Israel Defence Force seeking women to train in cybersecurity

Israel Defence Force's military school under C4I and the Cyber Defense Directorate offers specialised preparatory programmes for cyber defense.

The Israel Defense Force (IDF) is seeking to attract more young women to a pre-enlistment programme that focuses on cybersecurity training that they can use during their military service and when they enter the job force in the years to come.

According to a report in the Times of Israel, the pre-military programme is under the purview of the IDF’s C4I and Cyber Defense Directorate, a branch responsible for communications and technology-related activities of IDF forces in the field and cybersecurity defense in the military. (C4I stands for command, control, communications, computers, and intelligence). The directorate answers to the Chief of Staff and works closely with the Operations Directorate, a branch tasked with planning the use of military force.

The C4I Directorate operates the Military School for Computer Science and Cyber Defense, which trains thousands of soldiers every year for various roles in the Air Force, Navy, and ground forces. The school offers training programs such as software development, data analytics, DevOps (software development combined with IT operations), and cyber defense, and is headed by Lieutenant Colonel Liat Litvak who took up the role this summer.

Litvak told The Times of Israel in a recent interview that these programmes have historically drawn fewer young women than men, and the school is working to change this with a specialised pre-military programme, or mechina in Hebrew.

“We have ‘open days’ where anyone can come in, get more information, sit down for a test, and if they pass, they can become candidates for the school. The test is for everyone and they don’t need any prior experience but fewer women usually come in for it,” she explained.

“We want to reach people of all backgrounds, educational and socioeconomic, and not just those who have computer science knowledge,” Litvak added

Following a screening exam that tests for cognitive and mathematical abilities, the female candidates who are accepted begin the seven-week preparatory programme during which they are taught skills such as the basics of programming, software development, and principles of cyber defense, as well as strategies like how to conduct advanced research and set professional and personal goals. There’s also an emphasis on personalized approaches and weekly sit-downs with instructors who closely follow the students’ progress and help them devise improvement plans.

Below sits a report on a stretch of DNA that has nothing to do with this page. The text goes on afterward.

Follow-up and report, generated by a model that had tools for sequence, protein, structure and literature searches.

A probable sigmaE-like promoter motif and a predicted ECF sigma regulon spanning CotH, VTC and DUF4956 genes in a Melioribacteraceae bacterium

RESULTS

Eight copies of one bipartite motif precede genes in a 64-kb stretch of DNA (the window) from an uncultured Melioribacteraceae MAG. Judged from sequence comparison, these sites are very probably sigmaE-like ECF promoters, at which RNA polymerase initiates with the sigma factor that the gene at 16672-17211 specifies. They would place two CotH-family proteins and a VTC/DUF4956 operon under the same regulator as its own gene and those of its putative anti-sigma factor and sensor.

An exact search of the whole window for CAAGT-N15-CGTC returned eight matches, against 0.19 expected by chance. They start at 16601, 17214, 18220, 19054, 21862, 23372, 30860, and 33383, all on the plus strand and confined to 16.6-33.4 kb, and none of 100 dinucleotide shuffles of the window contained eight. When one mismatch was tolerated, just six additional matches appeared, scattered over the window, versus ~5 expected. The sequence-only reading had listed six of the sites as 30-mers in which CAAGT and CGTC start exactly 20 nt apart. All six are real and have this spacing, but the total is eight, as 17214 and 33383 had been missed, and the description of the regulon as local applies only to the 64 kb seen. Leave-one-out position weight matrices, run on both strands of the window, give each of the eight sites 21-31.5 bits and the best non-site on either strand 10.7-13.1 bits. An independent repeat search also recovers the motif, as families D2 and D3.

“It is a huge learning experience for them where we provide them with the tools to take on the more rigorous and intense courses offered by the school,” Litvak said.


Featured Articles

AWS launches 2023 European Defence Accelerator for startups

AWS is launching its European Defence Accelerator, open to startups interested in doing business with defence and national security organisations

Gartner unveils top cybersecurity predictions for 2023-2024

Half of CISOs will formally adopt human-centric design practices into their cybersecurity programmes, while adoption of zero trust architecture will rise

DDoS protection market to grow amid increase in attacks

According to research by Cloudflare, DDoS attacks increased by 109% last year, with the last 12 months seeing some of the largest attacks the world

The impact data poisoning has on cyber and AI

Cyber Security

Five innovative ways AI can help prevent cyber attacks

Cyber Security

SailPoint delivers new non-employee risk management solution

Cyber Security